I watched Netflix’s new series, “13 Reasons Why,” so you don’t have to.
“13 Reasons Why,” based on the novel by Jay Asher, details the aftermath of high school student Hannah Baker’s suicide. Hannah leaves 13 tapes to 13 people, which tell these people how their actions caused her to kill herself. Her fellow classmate, Clay Jensen, is a subject of one of the tapes and takes it upon himself to investigate the suicide. The film is garnering lots of attention, especially through Facebook memes, but regardless, here’s why you shouldn’t bother watching it.
- The timeline can get super confusing. Large portions of the show take place in the past, when Hannah was dead, but sometimes the transition from past to present can be indistinguishable, especially at the times when Clay is imagining Hannah’s voice or face. Some viewers believe, as detailed by Seventeen, that Clay’s recurring head wounds are the show’s way of distinguishing timelines. This can still be confusing, as sometimes the viewer has more important pieces of action to watch than Clay’s forehead.
- The teenage house parties don’t make sense. There are always a million people there, no one’s parents are ever even a vague concern and kids are OK with their house being trashed. Somehow Hannah threw a raging house party before she knew anyone besides two people in town, and of those two, we only know how she met Clay. Why is everyone coming to her party? Why is everyone’s house ridiculously large?
- Hannah’s mental health is never actually discussed. The circumstances behind her suicide appear to the viewer to be mostly caused by outside people. That shouldn’t be entirely the case. While outside factors may contribute, Hannah’s depression would be an internal circumstance that the show should acknowledge if it wants to adequately address teen suicide.
- Clay is insufferable. While he’s investigating the circumstances of Hannah’s death, he constantly makes her life and death about himself, acting as if he was the only person who could have possibly saved her, even though 12 other people also have tapes. I really enjoyed when he got repeatedly punched, though.
- Every single parent in the show is basically the same. The parents in the show don’t understand their children, and their efforts to do so are portrayed as annoying and misguided. Many teenagers may feel that their parents don’t understand them, but this isn’t the most helpful or original thing to demonstrate in a show aimed at teenagers.
- Tony basically exists to be a plot device. Eventually we learn about his motivations, but that doesn’t explain why he’s somehow conveniently everywhere. He could be responsible for the tapes without somehow being the magic glue that holds the entire plot together and yet he is.
- Hannah is a “manic pixie dream girl.” TV Tropes describes this character in an article of the same name, “She’s inexplicably obsessed with our stuffed-shirt hero, on whom she will focus her kuh-razy antics until he learns to live freely and love madly.” This accurately describes Hannah’s post-mortem behavior and messages to Clay, and makes her death about him.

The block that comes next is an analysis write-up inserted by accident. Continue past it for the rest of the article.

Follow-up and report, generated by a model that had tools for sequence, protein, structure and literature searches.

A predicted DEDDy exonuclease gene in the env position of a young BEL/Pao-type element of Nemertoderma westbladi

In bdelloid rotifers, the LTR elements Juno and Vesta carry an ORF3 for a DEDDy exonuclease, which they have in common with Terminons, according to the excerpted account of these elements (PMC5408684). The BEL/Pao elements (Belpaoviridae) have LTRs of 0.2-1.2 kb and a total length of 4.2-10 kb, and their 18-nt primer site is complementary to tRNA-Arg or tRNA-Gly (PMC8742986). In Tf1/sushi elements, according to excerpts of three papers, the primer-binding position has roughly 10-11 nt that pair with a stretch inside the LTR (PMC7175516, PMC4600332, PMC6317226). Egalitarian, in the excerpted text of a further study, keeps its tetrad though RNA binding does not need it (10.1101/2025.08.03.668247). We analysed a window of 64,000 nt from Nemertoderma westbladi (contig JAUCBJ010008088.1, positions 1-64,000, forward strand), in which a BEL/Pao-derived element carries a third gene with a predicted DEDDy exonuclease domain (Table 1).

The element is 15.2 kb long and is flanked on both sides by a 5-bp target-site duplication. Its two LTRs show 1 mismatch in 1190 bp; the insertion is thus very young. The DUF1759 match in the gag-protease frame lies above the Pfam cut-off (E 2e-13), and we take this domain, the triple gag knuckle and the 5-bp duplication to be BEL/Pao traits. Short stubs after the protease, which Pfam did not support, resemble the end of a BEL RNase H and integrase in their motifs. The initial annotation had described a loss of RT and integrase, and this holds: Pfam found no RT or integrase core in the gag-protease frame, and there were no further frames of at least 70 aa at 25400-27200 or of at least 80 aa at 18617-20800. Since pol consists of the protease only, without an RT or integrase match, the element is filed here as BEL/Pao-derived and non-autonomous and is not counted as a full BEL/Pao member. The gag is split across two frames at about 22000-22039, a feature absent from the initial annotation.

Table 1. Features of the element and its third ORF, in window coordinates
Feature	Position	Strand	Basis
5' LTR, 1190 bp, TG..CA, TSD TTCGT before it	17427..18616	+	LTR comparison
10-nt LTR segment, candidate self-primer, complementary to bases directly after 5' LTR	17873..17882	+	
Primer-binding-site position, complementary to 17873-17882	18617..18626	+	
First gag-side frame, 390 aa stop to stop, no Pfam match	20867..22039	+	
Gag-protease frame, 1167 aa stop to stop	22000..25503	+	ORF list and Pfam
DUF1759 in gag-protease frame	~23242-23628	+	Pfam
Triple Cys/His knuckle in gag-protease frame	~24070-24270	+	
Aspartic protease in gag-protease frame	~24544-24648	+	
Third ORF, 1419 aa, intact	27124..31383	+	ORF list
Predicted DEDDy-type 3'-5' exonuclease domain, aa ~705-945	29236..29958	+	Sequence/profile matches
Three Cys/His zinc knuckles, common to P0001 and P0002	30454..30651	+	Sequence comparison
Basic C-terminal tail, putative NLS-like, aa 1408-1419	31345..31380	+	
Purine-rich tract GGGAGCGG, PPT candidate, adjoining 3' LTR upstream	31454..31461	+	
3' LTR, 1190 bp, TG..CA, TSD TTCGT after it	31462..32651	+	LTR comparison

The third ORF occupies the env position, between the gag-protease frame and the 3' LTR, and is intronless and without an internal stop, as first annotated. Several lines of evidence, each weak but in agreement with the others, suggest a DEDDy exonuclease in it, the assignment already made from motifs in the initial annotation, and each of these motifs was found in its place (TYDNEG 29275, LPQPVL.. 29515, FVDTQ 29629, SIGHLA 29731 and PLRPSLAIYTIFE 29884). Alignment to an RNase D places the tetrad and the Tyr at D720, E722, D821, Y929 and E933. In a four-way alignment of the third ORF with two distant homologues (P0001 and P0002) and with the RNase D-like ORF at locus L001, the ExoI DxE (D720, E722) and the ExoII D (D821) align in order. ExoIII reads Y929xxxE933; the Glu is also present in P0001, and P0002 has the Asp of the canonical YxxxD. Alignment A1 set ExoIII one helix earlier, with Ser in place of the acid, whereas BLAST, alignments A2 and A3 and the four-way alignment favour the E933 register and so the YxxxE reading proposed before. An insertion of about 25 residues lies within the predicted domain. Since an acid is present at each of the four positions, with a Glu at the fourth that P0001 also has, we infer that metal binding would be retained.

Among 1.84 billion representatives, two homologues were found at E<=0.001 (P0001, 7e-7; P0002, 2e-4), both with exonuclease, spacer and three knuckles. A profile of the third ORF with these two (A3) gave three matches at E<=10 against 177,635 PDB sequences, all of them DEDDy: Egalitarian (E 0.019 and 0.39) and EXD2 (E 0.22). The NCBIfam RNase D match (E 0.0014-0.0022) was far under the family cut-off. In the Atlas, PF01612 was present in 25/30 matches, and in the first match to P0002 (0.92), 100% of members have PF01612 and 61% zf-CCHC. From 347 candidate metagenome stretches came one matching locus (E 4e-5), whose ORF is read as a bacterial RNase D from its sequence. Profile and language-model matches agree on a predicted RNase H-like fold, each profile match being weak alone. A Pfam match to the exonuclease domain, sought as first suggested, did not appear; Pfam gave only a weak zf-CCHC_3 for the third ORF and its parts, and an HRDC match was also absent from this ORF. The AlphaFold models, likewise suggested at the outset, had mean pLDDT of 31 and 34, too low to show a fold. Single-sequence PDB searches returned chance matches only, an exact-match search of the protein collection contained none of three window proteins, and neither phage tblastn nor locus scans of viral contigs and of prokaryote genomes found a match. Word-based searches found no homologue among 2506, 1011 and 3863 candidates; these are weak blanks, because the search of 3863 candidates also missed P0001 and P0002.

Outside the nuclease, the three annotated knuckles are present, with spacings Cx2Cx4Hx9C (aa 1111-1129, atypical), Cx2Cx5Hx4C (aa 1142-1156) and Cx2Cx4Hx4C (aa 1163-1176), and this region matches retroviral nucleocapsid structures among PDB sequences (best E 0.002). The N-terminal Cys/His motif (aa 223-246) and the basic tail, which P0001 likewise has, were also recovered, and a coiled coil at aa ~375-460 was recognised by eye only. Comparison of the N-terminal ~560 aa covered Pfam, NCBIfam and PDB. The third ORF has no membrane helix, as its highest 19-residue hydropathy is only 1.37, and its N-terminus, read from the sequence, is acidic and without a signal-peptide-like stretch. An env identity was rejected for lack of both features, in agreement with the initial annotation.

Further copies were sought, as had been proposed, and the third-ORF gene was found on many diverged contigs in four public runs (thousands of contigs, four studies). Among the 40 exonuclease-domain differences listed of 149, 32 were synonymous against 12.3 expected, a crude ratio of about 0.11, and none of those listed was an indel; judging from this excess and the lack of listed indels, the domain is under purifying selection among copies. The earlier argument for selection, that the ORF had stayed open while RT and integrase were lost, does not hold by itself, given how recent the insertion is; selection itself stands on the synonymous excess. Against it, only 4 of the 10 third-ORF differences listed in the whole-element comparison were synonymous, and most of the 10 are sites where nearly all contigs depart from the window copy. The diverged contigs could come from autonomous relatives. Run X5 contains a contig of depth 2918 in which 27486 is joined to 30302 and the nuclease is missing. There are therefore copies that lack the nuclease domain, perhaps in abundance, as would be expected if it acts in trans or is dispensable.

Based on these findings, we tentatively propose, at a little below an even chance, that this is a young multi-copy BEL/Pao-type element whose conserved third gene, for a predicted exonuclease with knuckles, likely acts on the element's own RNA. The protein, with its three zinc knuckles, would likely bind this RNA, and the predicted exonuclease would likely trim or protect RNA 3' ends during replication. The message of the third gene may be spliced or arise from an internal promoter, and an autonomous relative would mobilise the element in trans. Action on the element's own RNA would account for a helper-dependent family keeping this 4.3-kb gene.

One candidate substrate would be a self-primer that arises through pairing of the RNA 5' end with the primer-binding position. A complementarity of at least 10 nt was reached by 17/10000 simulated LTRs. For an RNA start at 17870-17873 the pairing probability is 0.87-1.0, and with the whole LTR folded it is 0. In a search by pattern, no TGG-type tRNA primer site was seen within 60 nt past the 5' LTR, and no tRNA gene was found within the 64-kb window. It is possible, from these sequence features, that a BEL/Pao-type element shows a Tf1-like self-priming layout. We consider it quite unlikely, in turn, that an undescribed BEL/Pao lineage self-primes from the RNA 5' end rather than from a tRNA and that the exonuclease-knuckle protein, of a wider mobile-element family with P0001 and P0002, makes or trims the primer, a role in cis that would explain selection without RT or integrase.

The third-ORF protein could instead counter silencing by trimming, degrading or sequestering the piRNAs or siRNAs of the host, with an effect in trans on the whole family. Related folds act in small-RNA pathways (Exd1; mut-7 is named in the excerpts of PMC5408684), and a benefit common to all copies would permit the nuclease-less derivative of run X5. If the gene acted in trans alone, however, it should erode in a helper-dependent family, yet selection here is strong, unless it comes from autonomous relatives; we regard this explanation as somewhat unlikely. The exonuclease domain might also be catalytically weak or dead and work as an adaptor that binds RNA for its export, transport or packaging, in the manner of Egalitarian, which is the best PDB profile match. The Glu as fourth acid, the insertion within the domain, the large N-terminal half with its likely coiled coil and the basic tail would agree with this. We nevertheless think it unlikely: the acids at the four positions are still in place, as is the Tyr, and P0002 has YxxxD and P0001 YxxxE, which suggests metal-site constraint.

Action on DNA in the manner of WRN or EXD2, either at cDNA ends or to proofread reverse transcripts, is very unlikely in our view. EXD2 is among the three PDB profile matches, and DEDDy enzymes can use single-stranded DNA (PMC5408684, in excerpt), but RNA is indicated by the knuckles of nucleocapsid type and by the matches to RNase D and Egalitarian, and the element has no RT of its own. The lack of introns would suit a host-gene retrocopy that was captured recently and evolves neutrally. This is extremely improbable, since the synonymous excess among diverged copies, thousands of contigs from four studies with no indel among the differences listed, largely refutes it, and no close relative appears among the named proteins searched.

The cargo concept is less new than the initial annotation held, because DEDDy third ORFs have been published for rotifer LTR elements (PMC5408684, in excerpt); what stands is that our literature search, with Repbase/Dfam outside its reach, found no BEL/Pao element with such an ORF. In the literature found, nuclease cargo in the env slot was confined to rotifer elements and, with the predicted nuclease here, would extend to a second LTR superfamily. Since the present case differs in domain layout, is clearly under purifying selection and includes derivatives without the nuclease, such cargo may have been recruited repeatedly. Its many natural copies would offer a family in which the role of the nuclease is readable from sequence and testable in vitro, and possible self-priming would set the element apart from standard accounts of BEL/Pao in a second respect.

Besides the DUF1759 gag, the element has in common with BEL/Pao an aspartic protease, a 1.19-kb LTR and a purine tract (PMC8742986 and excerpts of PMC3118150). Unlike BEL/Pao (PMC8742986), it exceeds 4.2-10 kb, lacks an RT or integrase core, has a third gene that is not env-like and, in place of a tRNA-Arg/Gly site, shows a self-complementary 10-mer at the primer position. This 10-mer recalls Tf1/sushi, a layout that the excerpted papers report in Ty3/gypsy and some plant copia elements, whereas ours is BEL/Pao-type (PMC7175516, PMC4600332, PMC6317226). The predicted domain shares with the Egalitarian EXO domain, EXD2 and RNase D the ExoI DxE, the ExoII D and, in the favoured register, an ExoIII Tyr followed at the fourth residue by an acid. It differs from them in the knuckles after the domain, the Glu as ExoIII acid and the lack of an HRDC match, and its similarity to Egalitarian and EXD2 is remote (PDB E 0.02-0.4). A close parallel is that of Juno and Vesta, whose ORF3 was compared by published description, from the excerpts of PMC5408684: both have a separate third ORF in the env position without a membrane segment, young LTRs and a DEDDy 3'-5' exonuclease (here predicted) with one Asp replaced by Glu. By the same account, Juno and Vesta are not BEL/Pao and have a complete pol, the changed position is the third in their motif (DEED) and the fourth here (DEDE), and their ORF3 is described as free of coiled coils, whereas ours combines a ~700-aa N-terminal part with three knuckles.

- “13 Reasons Why” subscribes to the stereotype of ‘suicide as revenge.’ Hannah kills herself partially to get revenge on 13 other people and punishes them through the tapes. Her suicide is framed based on their actions and is used to make them guilty.
- The graphic scenes in the show are too long and really distressing. The details of the scenes themselves are extreme spoilers – if you do still want to watch the show – but they’re very long and uncomfortable to watch. It would be one thing if they were short and uncomfortable to watch, but instead they’re so lengthy that I found myself leaving my laptop to take a break instead of watching.
- The actors playing the teenagers are too old to actually look like teenagers. Dylan Minnette, the actor who plays Clay Jensen, is only 20, as is Hannah Baker (Katherine Langford). But this isn’t true for the other actors – Tony (Christian Navarro) is 25, Justin (Brandon Flynn) is 24 and Bryce (Justin Prentice) is 23. Alex, supposedly a high school underclassman, is played by 22-year-old Miles Heizer. When all of the actors in the show are obviously older than high school students, it removes the viewer from the experience of watching the show. I found myself thinking “these people are clearly too old to be high school students” more than once. Putting grown adults in varsity jackets doesn’t make them look any more like high school students; it makes them look weird.
- All of the male actors in the show look similar. Most of the male characters are brown-haired white men – I couldn’t tell Justin, Josh or Bryce apart. This makes watching “Thirteen Reasons Why” difficult when you’re trying to keep complicated plot lines as straight as possible. One of these boys could definitely have a different hair color or wear something other than a varsity jacket.
- The characters aren’t well developed. Even Clay doesn’t feel fully fleshed out and he is one of the main characters. We don’t know how Clay exists outside of his relationship with Hannah and her death, and rather than being a character on his own, he feels more like a tool through which the viewer can hear the mystery.
- There are better shows about teenagers and mental health on Netflix. If you want to see a show that deals with similar issues as “13 Reasons Why,” try “Skins,” “The Get Down,” or even “Degrassi.” They’re honestly a better use of your time.